Americans’ belief in the value of a college education has slipped to a new low. The biggest increase in skepticism in recent years has been among women and seniors age 65+. (The Wall Street Journal)
According to a recent WSJ-NORC survey, 56% of American adults believe a four-year college degree isn’t worth the cost. That’s a +16 percentage point rise since 2013. Conversely, only 42% still believe a degree has merit. That’s a -10 percentage point decline over the past decade.
So who’s driving this downswing in confidence? Since 2017, the largest decreases have been among women and those ages 65+. The share of women who believe college is worth the cost has fallen -10 percentage points to 44%. And the share of seniors who say the same thing has fallen -12 percentage points, also to 44%. College skepticism used to be led by men and young adults. Now it’s shared equally across all gender and age brackets.
At first glance, these negative attitudes among women and seniors may seem surprising. Women often rely on college for financial independence. (See "Are Young Men Giving Up on College?") And higher education isn't personally important to seniors. But two recent trends may explain these changing attitudes.
- Market Conditions: Since 2021, the job market has been hot for non-college-educated youth. (See “College Enrollment Declines Deepen” and “American Apprenticeships Are on the Rise.”) And this has been especially true for young women: The employment-to-population ratio for those ages 16-24 has rebounded to 2007 levels for women but not men. This recent success in employment is due to women taking advantage of openings in the service industry and employers lowering their education requirements. As a result, fewer young women may regard a four-year college degree (and all its accompanying debt) as a prerequisite for starting a career.
- Politics: Colleges have increasingly come under fire from the right. They are often accused of groveling to woke students and silencing conservative voices. This political condemnation is probably strongest among older conservatives: A 2019 Pew survey, which found that a rising share of Americans think higher ed is "heading in the wrong direction," also reported that Republicans ages 65+ mostly blamed this on professors’ political beliefs (while Democrats blamed it on higher tuitions).
All in all, declining faith in college is yet another example of Americans’ increased pessimism and changing life priorities. (See “Is America Losing Faith in America?” and “Americans’ Pessimism Soars.”)
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ABOUT NEIL HOWE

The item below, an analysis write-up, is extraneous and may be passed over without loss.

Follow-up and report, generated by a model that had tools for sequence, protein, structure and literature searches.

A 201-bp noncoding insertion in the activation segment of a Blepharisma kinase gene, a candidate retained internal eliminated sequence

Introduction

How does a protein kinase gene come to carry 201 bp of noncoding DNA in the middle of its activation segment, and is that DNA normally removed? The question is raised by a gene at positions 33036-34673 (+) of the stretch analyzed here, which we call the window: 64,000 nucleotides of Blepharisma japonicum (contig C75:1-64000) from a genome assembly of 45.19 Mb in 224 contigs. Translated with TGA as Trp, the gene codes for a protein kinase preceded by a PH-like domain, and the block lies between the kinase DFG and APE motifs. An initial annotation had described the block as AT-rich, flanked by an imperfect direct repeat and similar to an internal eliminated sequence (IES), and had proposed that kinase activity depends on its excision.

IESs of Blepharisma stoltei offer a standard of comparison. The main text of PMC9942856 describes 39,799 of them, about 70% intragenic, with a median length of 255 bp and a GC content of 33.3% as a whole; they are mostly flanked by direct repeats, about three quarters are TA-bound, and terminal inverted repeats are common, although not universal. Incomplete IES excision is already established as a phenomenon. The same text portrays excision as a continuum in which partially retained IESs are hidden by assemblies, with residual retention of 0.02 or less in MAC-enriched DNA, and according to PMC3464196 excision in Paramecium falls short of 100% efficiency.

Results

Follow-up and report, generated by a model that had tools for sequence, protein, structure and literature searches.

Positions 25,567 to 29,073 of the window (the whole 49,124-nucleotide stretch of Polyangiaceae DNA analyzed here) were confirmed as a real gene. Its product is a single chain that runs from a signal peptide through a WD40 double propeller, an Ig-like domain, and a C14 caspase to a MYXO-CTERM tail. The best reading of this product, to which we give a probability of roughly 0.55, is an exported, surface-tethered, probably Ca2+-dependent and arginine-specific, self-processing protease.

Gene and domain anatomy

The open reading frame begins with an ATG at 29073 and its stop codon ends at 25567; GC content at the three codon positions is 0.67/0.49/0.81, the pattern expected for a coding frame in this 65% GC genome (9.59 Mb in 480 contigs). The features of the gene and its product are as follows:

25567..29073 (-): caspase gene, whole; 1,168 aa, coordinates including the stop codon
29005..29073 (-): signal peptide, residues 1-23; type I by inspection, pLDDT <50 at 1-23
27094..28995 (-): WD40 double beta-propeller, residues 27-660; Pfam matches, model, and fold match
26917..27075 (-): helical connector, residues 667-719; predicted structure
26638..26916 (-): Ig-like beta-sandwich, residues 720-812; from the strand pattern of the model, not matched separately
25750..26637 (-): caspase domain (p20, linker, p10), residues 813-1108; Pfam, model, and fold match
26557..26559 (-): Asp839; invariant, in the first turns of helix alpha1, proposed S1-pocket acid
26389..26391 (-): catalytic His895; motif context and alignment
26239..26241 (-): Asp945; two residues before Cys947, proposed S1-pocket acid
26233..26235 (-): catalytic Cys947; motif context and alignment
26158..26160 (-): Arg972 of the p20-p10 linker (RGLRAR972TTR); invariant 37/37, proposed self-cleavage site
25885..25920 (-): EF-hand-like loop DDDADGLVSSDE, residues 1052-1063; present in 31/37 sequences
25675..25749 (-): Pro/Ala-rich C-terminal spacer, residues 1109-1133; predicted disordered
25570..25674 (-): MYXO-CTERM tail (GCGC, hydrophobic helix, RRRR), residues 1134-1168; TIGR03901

Neil Howe is a renowned authority on generations and social change in America. An acclaimed bestselling author and speaker, he is the nation's leading thinker on today's generations—who they are, what motivates them, and how they will shape America's future.
A historian, economist, and demographer, Howe is also a recognized authority on global aging, long-term fiscal policy, and migration. He is a senior associate to the Center for Strategic and International Studies (CSIS) in Washington, D.C., where he helps direct the CSIS Global Aging Initiative.
Howe has written over a dozen books on generations, demographic change, and fiscal policy, many of them with William Strauss. Howe and Strauss' first book, Generations is a history of America told as a sequence of generational biographies. Vice President Al Gore called it "the most stimulating book on American history that I have ever read" and sent a copy to every member of Congress. Newt Gingrich called it "an intellectual tour de force." Of their book, The Fourth Turning, The Boston Globe wrote, "If Howe and Strauss are right, they will take their place among the great American prophets."
Howe and Strauss originally coined the term "Millennial Generation" in 1991, and wrote the pioneering book on this generation, Millennials Rising. His work has been featured frequently in the media, including USA Today, CNN, the New York Times, and CBS' 60 Minutes.
Previously, with Peter G. Peterson, Howe co-authored On Borrowed Time, a pioneering call for budgetary reform and The Graying of the Great Powers with Richard Jackson.
Howe received his B.A. at U.C. Berkeley and later earned graduate degrees in economics and history from Yale University.